Be mindful of your bedtime snack routine
Some foods will disrupt your sleep, so it’s important to be mindful of what you eat in the hours before bed. Processed foods, spicy foods, and even chocolate are all to be avoided. On the other hand, tart cherries, peanut butter, bananas, cottage cheese, and kiwis can up your sleep quality.
A dietitian breaks down what you need to know about eating before bed in this clip:
Try sleep-friendly tech
Though blue light from your smartphone or computer screen can keep you up, other forms of technology may help you get better zzz’s. Sleep tech is the next big thing, and products like smart mattresses and sleep trackers can seriously transform the way you snooze.
Find the best of the best in sleep tech, according to Zoe Weiner, by watching this video:
If you’re the kind of person who goes to bed at midnight and then pulls themselves out of bed at 5 a.m. for a run, stop. Exercise is important, but you shouldn’t actually skip sleep in order to get it. Instead, try going to bed earlier; or, if that’s impossible, organically work physical activity into your normal waking hours.
2. Eat for sustained energy
If you eat a balanced diet (a mix of protein, complex carbs, veggies, and little processed sugar), you shouldn’t need to rely on caffeine to keep going—and in turn, are less likely to need wine to chill out. “The number one thing you can do to maintain energy throughout the day is to limit coffee to one serving and avoid eating tons of sugar in the mornings as well as at lunch,” Dr. Berzin says. Here, digestible swaps and suggestions to eat healthy all day:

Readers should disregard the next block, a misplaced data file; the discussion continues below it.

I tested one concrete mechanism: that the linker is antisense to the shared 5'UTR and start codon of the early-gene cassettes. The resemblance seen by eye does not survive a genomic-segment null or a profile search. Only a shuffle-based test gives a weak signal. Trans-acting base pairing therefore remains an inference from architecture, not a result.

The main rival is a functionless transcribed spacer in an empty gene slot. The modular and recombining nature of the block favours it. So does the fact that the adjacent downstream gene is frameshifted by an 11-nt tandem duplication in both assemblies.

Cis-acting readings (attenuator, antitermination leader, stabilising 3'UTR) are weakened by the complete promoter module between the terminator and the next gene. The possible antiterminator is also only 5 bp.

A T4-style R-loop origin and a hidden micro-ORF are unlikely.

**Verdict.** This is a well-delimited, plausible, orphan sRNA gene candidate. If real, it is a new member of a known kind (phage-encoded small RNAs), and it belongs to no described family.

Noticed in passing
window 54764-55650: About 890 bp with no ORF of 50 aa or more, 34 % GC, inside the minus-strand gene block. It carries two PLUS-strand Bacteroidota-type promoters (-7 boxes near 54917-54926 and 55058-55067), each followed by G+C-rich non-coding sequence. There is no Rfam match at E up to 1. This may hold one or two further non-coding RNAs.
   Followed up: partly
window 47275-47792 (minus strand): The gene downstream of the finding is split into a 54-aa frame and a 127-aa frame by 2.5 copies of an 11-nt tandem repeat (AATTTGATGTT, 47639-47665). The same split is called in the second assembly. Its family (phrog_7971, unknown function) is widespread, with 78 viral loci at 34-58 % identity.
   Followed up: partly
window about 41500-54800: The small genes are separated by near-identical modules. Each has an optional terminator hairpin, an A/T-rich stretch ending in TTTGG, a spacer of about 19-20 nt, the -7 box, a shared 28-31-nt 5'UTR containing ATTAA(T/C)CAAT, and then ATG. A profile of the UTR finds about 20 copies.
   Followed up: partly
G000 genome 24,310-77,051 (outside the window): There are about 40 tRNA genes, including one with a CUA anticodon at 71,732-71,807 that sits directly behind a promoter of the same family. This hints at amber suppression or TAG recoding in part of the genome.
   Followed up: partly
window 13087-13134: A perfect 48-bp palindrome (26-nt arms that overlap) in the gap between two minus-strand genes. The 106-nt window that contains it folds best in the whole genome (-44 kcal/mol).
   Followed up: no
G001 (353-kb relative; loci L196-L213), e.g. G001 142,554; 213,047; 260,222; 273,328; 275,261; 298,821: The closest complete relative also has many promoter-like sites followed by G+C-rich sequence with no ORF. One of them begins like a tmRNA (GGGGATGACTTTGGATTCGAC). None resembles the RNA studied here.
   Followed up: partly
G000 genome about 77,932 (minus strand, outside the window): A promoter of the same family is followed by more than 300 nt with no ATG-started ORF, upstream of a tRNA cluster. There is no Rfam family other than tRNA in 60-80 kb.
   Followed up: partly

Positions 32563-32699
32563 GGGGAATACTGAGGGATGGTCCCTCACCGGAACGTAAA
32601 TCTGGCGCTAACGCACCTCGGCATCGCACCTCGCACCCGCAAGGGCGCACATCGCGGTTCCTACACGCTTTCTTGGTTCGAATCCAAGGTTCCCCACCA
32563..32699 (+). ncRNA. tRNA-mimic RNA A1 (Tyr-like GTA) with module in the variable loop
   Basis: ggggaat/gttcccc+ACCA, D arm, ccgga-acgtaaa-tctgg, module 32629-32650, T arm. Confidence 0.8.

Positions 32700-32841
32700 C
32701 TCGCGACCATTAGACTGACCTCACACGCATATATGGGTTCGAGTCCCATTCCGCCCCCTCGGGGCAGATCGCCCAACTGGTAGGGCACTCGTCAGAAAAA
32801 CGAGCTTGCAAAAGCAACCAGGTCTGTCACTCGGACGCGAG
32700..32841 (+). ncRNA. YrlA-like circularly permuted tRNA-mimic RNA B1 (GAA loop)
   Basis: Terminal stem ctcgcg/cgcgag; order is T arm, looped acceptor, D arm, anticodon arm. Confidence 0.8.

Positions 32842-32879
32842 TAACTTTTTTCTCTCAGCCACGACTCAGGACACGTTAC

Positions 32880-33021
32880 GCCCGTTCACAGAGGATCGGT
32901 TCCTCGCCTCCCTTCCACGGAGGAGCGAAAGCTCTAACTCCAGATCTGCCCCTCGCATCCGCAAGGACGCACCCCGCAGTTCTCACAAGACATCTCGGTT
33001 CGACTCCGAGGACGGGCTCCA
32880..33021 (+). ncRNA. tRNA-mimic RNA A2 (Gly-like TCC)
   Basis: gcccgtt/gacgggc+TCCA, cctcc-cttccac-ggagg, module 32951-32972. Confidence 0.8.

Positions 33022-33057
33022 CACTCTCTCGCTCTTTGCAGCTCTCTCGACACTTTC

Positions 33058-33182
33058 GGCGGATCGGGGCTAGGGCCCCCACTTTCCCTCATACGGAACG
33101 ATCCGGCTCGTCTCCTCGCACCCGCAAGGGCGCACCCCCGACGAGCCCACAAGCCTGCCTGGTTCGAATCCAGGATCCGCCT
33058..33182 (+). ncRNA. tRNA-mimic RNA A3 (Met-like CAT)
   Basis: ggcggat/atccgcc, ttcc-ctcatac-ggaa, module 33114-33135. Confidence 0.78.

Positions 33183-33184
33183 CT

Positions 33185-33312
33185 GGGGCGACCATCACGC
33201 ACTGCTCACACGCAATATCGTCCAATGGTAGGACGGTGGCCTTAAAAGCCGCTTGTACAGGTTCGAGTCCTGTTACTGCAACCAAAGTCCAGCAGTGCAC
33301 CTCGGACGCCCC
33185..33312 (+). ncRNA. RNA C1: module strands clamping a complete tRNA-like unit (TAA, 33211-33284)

A deliciously energizing morning meal should include healthy fats, protein, and veggies: Think spinach and cheese omelet, overnight oats with berries, or a couple pieces of whole wheat toast with almond butter and bananas. (You can also take your cues from other Well+Good readers.)
Check out these tips for ordering the heartiest, most nutrient-rich salad possible . If you’re not so much a salad person, try these three-ingredient lunch recipes instead.
Instead of reaching for a sugary snack that could drain your energy, try one of these protein-packed vegan snack recipes or borrow these ideas for snacks that wellness execs keep at their desks.
3. Learn new ways to unwind at night
Dr. Berzin advises her patients to “master other means of finding calm and a positive mood in the evening.” She suggests a slew of healthy alternatives to a generous pour—taking a walk, steaming in a sauna, soaking in an Epsom salt bath, participating in a yoga class, cooking a meal with friends, or meditating (which can curb alcohol cravings) as options.
And you’ll also want to limit your alcohol consumption to two to three evenings per week, max. Luckily, sober socializing is on the rise, and even college students are opting out of the Solo-cup scene. These festive mocktail recipes may also help see you through the transition away from the coffee to cabernet cycle.